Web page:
Despite its high contagious rate, the Omicron variant is less severe than other pandemic phases, CDC claims.

That being said, the current variant has caused severe infection in the individuals who contracted the virus and has a higher transmissibility rate than other variants. Moreover, it has broken a previous death toll record with 2,200 fatalities in a day, according to the recent reports received from federal health officials.

“New @CDCMMWR finds in Jan. 2022, despite #COVID19 cases & hospitalizations the highest of the pandemic w/ Omicron variant circulating, the percentage with severe COVID-19 outcomes appears lower than during other high spread periods”, CDC Tweeted.

After a thorough study on the virus, Centers for Disease Control and Prevention researchers said on Tuesday that people who contracted this variant are less likely to get hospitalized for longer days or to admit to intensive care departments, as compared to the delta variant.

Disease Control and Prevention researchers said
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Despite recording high hospitalization and infection rate due to Omicron, the rate of hospitalized individuals with severe cases is still lesser than other pandemic waves.

Reports suggest that the current positive results are likely due to increased immunity and thorough vaccinations covering people aged 5 and more. In contrast, other relevant studies indicated that it is happening due to the incapability of the virus to penetrate deep into the lungs.

Despite that, the virus’s contagiousness results in higher hospitalization rates and deaths for immunocompromised.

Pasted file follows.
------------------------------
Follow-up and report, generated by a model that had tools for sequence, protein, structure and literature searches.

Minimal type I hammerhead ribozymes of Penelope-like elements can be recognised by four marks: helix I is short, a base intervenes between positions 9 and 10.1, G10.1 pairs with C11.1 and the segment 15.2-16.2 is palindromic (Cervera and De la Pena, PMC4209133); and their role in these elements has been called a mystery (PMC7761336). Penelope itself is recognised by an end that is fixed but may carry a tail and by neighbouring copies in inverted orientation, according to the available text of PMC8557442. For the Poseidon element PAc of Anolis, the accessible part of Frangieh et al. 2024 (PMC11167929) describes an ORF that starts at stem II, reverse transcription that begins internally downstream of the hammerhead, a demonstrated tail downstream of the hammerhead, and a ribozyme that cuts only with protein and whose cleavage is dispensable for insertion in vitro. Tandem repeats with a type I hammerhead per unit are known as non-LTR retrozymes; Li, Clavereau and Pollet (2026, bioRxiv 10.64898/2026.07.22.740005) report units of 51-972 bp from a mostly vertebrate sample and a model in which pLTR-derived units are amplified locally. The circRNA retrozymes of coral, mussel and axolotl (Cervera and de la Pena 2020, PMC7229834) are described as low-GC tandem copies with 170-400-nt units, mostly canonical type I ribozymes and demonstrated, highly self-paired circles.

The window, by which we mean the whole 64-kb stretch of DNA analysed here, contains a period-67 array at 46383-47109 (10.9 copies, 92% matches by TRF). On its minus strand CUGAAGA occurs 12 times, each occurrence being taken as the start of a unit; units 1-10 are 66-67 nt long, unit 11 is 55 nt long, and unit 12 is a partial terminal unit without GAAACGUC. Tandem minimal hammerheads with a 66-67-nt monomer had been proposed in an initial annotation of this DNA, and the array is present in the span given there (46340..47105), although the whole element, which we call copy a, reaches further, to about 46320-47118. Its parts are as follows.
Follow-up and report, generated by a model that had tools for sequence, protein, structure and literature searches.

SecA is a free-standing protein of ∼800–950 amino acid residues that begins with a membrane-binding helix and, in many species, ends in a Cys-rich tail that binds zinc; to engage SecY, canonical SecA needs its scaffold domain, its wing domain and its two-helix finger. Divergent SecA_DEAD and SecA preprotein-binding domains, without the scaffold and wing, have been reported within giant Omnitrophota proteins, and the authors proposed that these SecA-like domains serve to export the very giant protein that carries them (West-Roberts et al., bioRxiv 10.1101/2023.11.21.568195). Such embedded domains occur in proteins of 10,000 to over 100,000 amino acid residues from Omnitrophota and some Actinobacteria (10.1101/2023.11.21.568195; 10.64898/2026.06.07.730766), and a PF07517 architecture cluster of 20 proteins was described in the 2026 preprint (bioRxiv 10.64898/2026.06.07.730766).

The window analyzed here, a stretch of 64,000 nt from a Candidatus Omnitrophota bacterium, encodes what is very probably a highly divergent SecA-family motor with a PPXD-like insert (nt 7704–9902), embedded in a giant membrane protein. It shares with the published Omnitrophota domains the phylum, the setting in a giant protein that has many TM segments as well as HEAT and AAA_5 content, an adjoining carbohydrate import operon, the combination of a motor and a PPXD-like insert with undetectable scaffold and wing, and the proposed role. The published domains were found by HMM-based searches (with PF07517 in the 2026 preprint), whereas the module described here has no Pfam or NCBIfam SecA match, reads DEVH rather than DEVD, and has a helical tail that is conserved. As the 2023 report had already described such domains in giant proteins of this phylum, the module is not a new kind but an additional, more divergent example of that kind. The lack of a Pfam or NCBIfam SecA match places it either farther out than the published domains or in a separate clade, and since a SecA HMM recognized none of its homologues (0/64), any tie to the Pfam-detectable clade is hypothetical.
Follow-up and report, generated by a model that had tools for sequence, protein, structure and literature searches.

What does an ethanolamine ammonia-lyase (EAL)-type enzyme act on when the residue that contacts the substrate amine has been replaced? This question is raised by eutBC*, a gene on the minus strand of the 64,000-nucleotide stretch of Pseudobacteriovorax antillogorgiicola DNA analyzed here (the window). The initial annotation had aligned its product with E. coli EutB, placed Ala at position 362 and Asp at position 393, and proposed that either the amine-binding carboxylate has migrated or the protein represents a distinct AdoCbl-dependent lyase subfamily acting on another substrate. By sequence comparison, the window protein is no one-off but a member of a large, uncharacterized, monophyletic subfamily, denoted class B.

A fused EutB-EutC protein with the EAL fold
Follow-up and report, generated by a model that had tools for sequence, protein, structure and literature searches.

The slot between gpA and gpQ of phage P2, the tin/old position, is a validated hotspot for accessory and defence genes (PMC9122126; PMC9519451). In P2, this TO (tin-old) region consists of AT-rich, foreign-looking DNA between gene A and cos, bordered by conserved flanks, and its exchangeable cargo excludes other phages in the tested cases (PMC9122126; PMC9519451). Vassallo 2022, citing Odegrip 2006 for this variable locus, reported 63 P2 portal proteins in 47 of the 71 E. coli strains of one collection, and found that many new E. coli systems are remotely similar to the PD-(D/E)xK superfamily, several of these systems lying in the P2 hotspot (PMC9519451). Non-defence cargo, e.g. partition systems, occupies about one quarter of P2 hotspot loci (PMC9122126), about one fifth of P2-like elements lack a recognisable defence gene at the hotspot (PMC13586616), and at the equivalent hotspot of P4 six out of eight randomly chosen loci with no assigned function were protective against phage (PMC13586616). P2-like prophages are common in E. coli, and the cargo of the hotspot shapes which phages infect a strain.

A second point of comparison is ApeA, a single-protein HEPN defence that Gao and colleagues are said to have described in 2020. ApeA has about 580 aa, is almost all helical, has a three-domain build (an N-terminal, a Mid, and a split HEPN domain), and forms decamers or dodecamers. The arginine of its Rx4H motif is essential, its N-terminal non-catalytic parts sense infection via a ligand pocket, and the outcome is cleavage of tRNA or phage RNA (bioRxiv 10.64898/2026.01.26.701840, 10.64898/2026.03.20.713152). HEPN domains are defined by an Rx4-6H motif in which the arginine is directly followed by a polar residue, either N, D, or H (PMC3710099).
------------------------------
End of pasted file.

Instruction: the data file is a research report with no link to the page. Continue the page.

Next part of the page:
The 7 days average for death due to Omicron was 2,230 solely in the United States, making it the highest toll since Feb 2021.

“People with underlying conditions, people with advanced age, people who are unvaccinated, can have a severe form of Covid-19, following infection from omicron,” Maria Van Kerkhove, the World Health Organization epidemiologist said a few days ago. “People are still being hospitalized with this variant, as well as dying.”

“The strain on health systems stemming from the large numbers of infections underscores the importance of hospital surge capacity and the ability to adequately staff health-care systems”, the report says.

Pediatrics and infectious diseases professor at the University of Utah, Andrew T. Pavia said, “the omicron wave has been bad news with the largest societal and health care impact, but for infected individuals, particularly those who are vaccinated, the decreased overall severity is good news”.